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Skulking Around the Hedge Fund

“The great thing about Bridgewater stories is I never have to exaggerate a single thing for it to be totally insane.” -Anon.

Here’s to the inside sources, tipsters, and whistleblowers who helped make The Fund by Rob Copeland possible. The above quote is from the Acknowledgements, and it captures what we learn over the preceding 300 pages: Bridgewater Associates, aka the world’s biggest hedge fund, is by these accounts a veritable nut house. Its founder, Ray Dalio would of course disagree, and we’re warned from the front flap that he doesn’t want us to read this book. Well, doubtless he’d support the good parts – that he spun friends & family funds into fortune, that when on top of his investment game his skill “was electrifying” – just not what is expertly revealed: that the method to his madness is cruelty. One can make a pile of dough toiling away at the firm but perhaps only by surviving a paranoid culture built around relentless monitoring and abject humiliation.

The running theme is an obsession over the elimination of mistakes. In Dalio’s view, each instance provides “an opportunity to dive into the individualistic human psychology that led to errors,” writes Copeland. As a manager, surely you can see the point of the mission – to err may be human, but no organization should tolerate repeated issues going uncorrected. What’s alarming about Bridgewater is the backstabbing, toxic arena its founder created. To help determine the root cause of matters as inane as wilted peas at the cafeteria salad bar, Dalio instituted an issues log with weekly reporting minimums required to earn one’s bonus. Read: if there was an incident that should’ve been previously logged and wasn’t, all those aware would be docked pay. This evolved into The Dot Collector, a vicious scoring device used to rate co-workers, for all to view. Ostensibly done to encourage so-called radical transparency, if you got dinged by the boss you’d be crucified by all others, lest ol’ Ray be viewed as anything less than omniscient. “There was no escaping the pile-on,” we learn. “It was death by dots.”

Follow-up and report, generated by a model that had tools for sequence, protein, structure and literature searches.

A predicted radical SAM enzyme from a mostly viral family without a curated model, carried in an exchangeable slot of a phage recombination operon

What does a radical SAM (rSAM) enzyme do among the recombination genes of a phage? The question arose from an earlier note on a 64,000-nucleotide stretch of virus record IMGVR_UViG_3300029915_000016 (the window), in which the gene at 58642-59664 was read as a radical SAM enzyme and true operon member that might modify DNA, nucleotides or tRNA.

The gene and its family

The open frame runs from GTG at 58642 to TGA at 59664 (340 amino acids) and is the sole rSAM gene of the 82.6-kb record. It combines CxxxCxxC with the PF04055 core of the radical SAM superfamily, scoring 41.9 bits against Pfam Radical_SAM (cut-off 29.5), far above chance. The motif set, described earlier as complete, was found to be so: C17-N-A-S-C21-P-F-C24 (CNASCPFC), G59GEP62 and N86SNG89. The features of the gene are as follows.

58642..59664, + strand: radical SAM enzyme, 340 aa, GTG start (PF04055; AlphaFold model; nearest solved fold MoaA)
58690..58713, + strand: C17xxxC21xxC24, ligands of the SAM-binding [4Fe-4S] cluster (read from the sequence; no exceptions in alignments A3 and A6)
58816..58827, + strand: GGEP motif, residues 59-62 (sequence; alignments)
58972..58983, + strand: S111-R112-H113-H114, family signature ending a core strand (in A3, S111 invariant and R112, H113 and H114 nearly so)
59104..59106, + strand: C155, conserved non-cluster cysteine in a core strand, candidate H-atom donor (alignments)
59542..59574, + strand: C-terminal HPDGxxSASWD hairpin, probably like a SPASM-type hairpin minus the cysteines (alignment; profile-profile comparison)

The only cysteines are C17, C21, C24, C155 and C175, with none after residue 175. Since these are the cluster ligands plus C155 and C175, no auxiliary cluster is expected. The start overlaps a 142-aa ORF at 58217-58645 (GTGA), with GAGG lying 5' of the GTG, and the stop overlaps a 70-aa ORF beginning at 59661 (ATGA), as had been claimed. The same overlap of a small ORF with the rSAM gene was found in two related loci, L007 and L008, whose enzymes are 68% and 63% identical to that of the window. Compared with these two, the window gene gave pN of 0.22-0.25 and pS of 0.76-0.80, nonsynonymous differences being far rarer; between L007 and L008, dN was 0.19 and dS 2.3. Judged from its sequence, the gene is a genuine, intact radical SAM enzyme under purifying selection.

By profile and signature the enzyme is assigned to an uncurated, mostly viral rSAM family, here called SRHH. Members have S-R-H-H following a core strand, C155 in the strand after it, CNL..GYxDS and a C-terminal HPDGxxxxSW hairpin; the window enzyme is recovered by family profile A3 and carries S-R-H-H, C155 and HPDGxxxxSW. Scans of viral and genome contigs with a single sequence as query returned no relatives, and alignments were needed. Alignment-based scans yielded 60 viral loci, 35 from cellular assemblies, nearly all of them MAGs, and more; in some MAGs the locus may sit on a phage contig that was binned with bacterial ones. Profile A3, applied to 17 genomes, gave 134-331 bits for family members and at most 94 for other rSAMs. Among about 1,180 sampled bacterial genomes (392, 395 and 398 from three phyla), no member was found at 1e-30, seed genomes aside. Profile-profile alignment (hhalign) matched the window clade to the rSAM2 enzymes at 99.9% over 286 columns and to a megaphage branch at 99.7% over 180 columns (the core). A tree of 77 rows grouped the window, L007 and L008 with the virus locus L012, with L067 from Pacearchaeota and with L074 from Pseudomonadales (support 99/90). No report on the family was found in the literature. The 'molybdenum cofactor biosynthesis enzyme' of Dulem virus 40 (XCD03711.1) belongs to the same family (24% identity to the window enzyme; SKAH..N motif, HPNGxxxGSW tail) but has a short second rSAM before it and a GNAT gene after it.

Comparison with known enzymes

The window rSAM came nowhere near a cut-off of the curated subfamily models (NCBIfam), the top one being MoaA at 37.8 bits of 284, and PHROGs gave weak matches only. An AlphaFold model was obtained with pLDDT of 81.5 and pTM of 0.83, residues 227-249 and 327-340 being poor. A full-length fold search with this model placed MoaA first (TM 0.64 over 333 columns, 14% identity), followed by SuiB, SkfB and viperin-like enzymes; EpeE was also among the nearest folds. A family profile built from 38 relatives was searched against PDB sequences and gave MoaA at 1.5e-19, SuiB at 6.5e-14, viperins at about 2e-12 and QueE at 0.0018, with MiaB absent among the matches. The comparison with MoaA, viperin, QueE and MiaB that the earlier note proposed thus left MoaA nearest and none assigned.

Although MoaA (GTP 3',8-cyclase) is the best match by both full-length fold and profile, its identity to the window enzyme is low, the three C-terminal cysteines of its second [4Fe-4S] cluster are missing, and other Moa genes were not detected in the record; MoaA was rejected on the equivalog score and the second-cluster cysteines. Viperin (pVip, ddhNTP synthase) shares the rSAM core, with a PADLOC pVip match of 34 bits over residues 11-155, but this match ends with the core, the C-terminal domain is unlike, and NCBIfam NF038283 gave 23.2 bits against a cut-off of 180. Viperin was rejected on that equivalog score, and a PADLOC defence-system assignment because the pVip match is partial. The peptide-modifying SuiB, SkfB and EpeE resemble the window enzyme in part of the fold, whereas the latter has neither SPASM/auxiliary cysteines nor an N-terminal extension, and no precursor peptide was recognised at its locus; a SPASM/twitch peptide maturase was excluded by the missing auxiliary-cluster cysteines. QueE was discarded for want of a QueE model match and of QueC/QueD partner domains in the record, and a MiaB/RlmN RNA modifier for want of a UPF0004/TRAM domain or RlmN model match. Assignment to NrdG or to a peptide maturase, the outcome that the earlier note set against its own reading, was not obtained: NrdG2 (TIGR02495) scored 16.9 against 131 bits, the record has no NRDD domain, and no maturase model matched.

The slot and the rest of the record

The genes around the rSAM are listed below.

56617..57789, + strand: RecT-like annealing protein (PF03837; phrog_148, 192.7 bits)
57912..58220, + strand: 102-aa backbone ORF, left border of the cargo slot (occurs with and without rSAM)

To his credit, while reporting on such lunacy the author does endeavor to illuminate what works at the hedge fund. Its assets under management kept doubling, eventually ballooning to well over $100B, and Bridgewater has enriched those who’ve outlasted constant audio taping and even public trials – seriously – with their sanity somehow intact. (Spoiler, there are some ugly exits.) But the sad, cautionary tale here is one of an emperor scurrying about, nude and desperate to remain relevant in the business world as he ages out. It’s thick with irony, too: while Dalio attempts to oversee the development of technology that could be packaged and sold to companies looking to capitalize on his much-ballyhooed principles, “he also stuck to his historic rules, even as they became more stale with each passing year as rivals leaped forward with competing systems.” Now Dalio’s exit – something he’s spoken about the past 15 years, right around the time year-over-year performance started to wane – is underway with countless misgivings in its wake. So, a recommendation: read Copeland’s book and then gift it to that special narcissist in your life. Maybe they’ll take it to heart.

If you have anything to say about this – or book recommendations – kindly post below (rather than emailing me) to spark conversation. Thank you!

8 comments for “Skulking Around the Hedge Fund

  1. Very cogent review. Recommended reading: “Of Time and Turtles: Mending the World, Shell by Shattered Shell” by Sy Montgomery. Mariner 2023.

    • I keep seeing that one on bestseller lists, John. Will check it out. Much appreciated!

  2. While I’ve admired his insights into economic issues (and especially the historical research into patterns going back ~500 years), I’ve always been skeptical of his management principles.

    In the highly competitive investment business, there’s certainly a need to reexamine and learn from mistakes. But his principles felt extreme to me and seemed to ignore the human element. An organization where one’s colleagues were motivated exclusively by financial reward and staying in the good graces of a mercurial boss would be an awfully depressing place to work.

    • Chris, you make me want to go back and scrutinize my report. So well said! “Staying in the good graces of a mercurial boss…” – right on. Thank you for this.

  3. Chris,

    As always, a nice and spicy review that makes me want to read the book! I had no idea. Now get back to work, loser! (I am already trying out some of the principles.)

    • And it’s working, John! I already feel guilty replying to you during pay-time when I should be hammering the phone. So… thank you? 🙂

  4. It always amazes me that these types of businesses are so successful. Maybe it is a rare thing to find a hedge fund that isn’t run by the insane and/or meglomaniacs. Power run amok is just one of the darker sides of capitalism.

    It just confirms that I should keep on my path of self driven investing in stocks and bonds. No, I will never be rich, but I also won’t be part of the problem.

    Thanks for your great summaries and suggested readings Chris. I always enjoy them… even more than your music recommendations.

    • Terrific insights, Karen. We all have to sleep at night, and it sounds like you can rest well with that strategy. Thank you for contributing to the conversation and here’s to not being part of the problem!

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